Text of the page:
- U.K. bonds yield least relative to TIPS since November 2008
- Insatiable demand from pension funds boosting long-dated debt
Pacific Investment Management Co. is calling time on the U.K. inflation-linked bond market, dubbing it the most overvalued in the world.
With the securities offering negative real yields, meaning investors receive a return below inflation if they hold them to maturity, U.S. linkers provides better value, according to Pimco. Long-term debt is being distorted by “insatiable” demand from pension funds that are required to own them in order to match their long-term liabilities, it said.
Investors can get an extra 2 percentage points of yield by holding 30-year Treasury Inflation Protected Securities instead of index-linked gilts, the biggest premium since November 2008. The yield on the 30-year linkers slipped to minus 0.87 percent as of 11:54 a.m. London time.
“Current extremely low and negative real yields on U.K. index-linked gilts, particularly for long-dated bonds, do not appear to have any fundamental justifications,” Pimco money managers Mihir Worah and Mike Amey and product manager Berdibek Ahmedov wrote in an e-mailed report. “Valuations are fundamentally much more attractive in the U.S. TIPS market.”
At 3.35 percent, the outlook for U.K. inflation as implied by the yield difference between nominal and 30-year index-linked bonds is close to the highest this year. That’s even as Bank of England Governor Mark Carney warned on Aug. 29 that slowing Asian growth prospects could “impart further imported disinflationary pressures over the policy horizon.”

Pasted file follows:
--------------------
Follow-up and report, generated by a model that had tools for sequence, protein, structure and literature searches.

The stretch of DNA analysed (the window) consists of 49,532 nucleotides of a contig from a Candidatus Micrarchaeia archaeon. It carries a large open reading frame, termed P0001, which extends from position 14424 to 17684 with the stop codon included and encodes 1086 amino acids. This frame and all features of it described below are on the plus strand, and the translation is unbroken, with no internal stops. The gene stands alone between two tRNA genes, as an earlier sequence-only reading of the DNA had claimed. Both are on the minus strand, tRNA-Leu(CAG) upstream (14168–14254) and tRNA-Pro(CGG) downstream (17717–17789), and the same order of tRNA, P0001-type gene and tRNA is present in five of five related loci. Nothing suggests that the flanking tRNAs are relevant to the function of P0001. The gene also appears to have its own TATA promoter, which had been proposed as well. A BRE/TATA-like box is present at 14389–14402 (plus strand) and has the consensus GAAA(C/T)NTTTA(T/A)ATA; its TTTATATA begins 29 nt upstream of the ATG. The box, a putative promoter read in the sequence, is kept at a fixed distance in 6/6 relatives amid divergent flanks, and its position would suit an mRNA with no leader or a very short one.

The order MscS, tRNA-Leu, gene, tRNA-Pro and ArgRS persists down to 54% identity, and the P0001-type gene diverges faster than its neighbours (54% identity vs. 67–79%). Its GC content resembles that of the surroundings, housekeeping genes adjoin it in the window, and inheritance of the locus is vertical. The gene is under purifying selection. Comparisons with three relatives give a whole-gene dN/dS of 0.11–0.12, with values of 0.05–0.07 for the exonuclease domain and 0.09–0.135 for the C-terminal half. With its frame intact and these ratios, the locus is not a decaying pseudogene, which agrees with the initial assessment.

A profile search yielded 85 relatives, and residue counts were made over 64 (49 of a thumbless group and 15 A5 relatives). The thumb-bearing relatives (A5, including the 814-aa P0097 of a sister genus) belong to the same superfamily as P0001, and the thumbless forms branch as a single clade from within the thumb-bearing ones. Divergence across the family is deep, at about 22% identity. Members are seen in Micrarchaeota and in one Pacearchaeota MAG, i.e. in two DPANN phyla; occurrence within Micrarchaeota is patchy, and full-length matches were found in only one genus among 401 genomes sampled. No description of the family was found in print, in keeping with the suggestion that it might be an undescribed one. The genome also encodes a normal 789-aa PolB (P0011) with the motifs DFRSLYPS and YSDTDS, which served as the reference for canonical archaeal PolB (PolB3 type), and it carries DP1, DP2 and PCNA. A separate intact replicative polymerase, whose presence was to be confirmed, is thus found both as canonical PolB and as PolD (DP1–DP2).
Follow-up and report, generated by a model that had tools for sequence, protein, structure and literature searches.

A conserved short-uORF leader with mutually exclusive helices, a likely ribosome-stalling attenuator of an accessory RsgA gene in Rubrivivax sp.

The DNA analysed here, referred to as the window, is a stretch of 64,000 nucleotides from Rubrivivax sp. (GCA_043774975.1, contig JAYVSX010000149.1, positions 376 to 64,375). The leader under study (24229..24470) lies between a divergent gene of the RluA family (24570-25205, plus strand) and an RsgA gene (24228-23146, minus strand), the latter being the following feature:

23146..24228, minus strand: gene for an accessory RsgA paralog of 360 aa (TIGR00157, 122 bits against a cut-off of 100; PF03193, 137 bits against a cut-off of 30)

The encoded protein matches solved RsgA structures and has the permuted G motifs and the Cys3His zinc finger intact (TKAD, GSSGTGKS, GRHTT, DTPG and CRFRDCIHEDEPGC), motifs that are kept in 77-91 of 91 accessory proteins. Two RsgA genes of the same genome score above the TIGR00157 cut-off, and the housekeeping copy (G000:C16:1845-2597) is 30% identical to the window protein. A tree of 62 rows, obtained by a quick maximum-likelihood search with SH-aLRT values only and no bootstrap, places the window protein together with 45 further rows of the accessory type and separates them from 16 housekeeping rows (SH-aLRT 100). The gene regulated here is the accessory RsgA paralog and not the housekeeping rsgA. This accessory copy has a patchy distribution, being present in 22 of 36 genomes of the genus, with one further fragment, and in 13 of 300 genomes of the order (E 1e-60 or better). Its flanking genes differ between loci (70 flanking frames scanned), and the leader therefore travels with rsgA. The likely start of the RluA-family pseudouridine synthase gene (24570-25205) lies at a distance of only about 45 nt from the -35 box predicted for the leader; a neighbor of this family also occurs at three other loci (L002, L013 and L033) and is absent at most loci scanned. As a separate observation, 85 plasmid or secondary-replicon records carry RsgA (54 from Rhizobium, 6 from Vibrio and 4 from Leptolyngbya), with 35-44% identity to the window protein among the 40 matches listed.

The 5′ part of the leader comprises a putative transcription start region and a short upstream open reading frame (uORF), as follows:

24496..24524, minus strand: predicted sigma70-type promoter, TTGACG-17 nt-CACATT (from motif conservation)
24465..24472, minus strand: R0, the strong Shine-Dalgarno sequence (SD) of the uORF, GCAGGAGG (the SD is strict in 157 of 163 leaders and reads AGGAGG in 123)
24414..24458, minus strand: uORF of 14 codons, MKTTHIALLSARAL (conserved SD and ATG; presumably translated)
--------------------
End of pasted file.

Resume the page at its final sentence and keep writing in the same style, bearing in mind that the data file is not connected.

Break-even rates make “sense out to about 15 to 20 years but out beyond that it’s hard to rationalize,” said Robin Marshall, director of fixed income at Smith & Williamson Investment Management LLP in London. “The break-even curve, compared to other markets, is very steep. For an investor, the longer-term real yields on TIPS look pretty attractive in this environment.”
Inflation-linked gilts returned 2.07 percent this year through Thursday while their counterparts in the U.S. lost 0.4 percent, according to indexes compiled by Bank of America Merrill Lynch.
The U.K., which sold 650 million pounds ($992 million) of linkers due in 2058 at a real yield of minus 0.929 percent on Aug. 11, plans to sell index-linked debt due 2068 later this month.
According to Pimco, the supply of linkers is failing to keep pace with demand and a regulatory environment that forces pension funds into low-yielding assets makes it increasingly hard for them to fund their liabilities.
“We believe investors constrained by pension fund regulations to invest only in the U.K. would be better off spreading their exposures between index-linked gilts and conventional gilts,” said the Pimco managers, who help oversee the firm’s $1.52 trillion of assets under management. “Unless regulations that offer cheap funding are the government’s goal, the best long-term solution in our view would be to relax regulations that cause adverse investor behavior.”